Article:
Diwali is an Indian celebration of the triumph of good over evil. It's also called the Festival of Lights, referring to the inner light in each person. It's origins can be traced back more than 2,000 years, to famous defeats by magistrates over enemies, and a great many legends. For many religions, it signifies the beginning of a new year. It is often used as the beginning of many things, like business ventures, personal projects, and financial dealings. It's celebrated boisterously, with shopping, flowers, new clothes, gift exchanges among friends, musical and artistic performances, and prayers. Most important is the visiting of family, and friends. Homes are lit with candles and lamps, thoroughly cleaned and aired out, and people will visit back and forth. Sweets are freely handed out, and are a large part of the tradition. The new clothes are very ornamental, bright, and colorful for everyone, but especially women.
3 years ago
Last edited at 5:26PM on 11/4/2010
Diwali is a Malaysian festival. The Diwali festival is a public holiday celebrated by all people in Malaysia, especially the Chinese and the Malaysian people living in Malaysia. Its origins come from India. It is celebrated by visiting temples and praying at household alters. http://www.diwalifestival.org/diwali-in-malaysia.html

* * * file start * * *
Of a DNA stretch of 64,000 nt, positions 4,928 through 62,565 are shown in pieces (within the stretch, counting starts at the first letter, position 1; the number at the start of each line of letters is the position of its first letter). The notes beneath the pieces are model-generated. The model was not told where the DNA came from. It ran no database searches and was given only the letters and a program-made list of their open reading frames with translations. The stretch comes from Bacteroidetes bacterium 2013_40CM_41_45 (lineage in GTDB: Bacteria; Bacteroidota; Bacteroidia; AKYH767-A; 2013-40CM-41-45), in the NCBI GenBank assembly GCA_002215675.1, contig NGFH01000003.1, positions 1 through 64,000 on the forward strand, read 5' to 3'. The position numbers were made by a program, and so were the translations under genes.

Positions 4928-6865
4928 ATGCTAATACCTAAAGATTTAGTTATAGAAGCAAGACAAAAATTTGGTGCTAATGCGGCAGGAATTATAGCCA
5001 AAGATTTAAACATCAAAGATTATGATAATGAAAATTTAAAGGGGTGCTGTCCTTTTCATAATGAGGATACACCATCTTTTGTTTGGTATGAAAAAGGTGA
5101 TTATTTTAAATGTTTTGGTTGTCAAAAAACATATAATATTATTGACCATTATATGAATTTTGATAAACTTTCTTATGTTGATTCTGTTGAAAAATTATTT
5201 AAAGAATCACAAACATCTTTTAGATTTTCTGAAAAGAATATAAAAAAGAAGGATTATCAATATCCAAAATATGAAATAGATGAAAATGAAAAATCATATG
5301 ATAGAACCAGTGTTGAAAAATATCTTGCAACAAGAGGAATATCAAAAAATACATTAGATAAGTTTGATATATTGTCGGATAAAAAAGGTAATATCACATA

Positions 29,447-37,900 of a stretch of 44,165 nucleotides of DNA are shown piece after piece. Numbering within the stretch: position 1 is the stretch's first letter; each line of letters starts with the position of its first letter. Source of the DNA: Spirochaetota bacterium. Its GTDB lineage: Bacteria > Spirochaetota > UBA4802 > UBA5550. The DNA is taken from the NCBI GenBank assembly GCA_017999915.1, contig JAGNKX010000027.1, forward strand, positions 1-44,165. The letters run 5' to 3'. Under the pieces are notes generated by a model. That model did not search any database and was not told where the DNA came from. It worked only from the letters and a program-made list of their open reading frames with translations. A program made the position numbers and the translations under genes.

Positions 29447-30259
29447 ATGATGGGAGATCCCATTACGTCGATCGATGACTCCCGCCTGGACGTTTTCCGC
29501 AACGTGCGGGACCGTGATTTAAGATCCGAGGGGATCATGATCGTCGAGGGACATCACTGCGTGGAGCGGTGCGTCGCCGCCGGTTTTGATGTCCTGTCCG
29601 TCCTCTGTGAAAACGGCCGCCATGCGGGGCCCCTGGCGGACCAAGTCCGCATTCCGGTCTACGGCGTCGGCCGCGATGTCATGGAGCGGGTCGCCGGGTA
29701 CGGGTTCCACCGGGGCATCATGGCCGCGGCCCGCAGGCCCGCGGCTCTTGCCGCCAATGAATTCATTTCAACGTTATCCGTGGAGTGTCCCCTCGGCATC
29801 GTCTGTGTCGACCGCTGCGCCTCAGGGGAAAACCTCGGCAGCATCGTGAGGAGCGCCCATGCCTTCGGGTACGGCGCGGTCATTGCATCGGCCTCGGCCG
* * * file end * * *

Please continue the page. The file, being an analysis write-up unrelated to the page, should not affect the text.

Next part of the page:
3 years ago
Last edited at 11:16AM on 11/5/2010
There are three reasons to celebrate Diwali.
1. Triumph over good over evil - Ram, the Indian God ascended to throne this day by defeating demon king Ravan.
2. New Year for Indian business communities - These communities worship Goddess Lakshmi, the goddess of wealth and consider this day very auspicious. Some people do "mahurat" or auspicious trading across stock exchanges in India. The shops are open during this day.
3. Farmers harvest Rice crops in India - The rural India which grows rice from June to Oct - harvest their field and feel "rich". They buy new clothes, prepare sweets, light diyas (earthern lamps) and distribute sweets. They also donate money/sweets and other items to the poor and needy.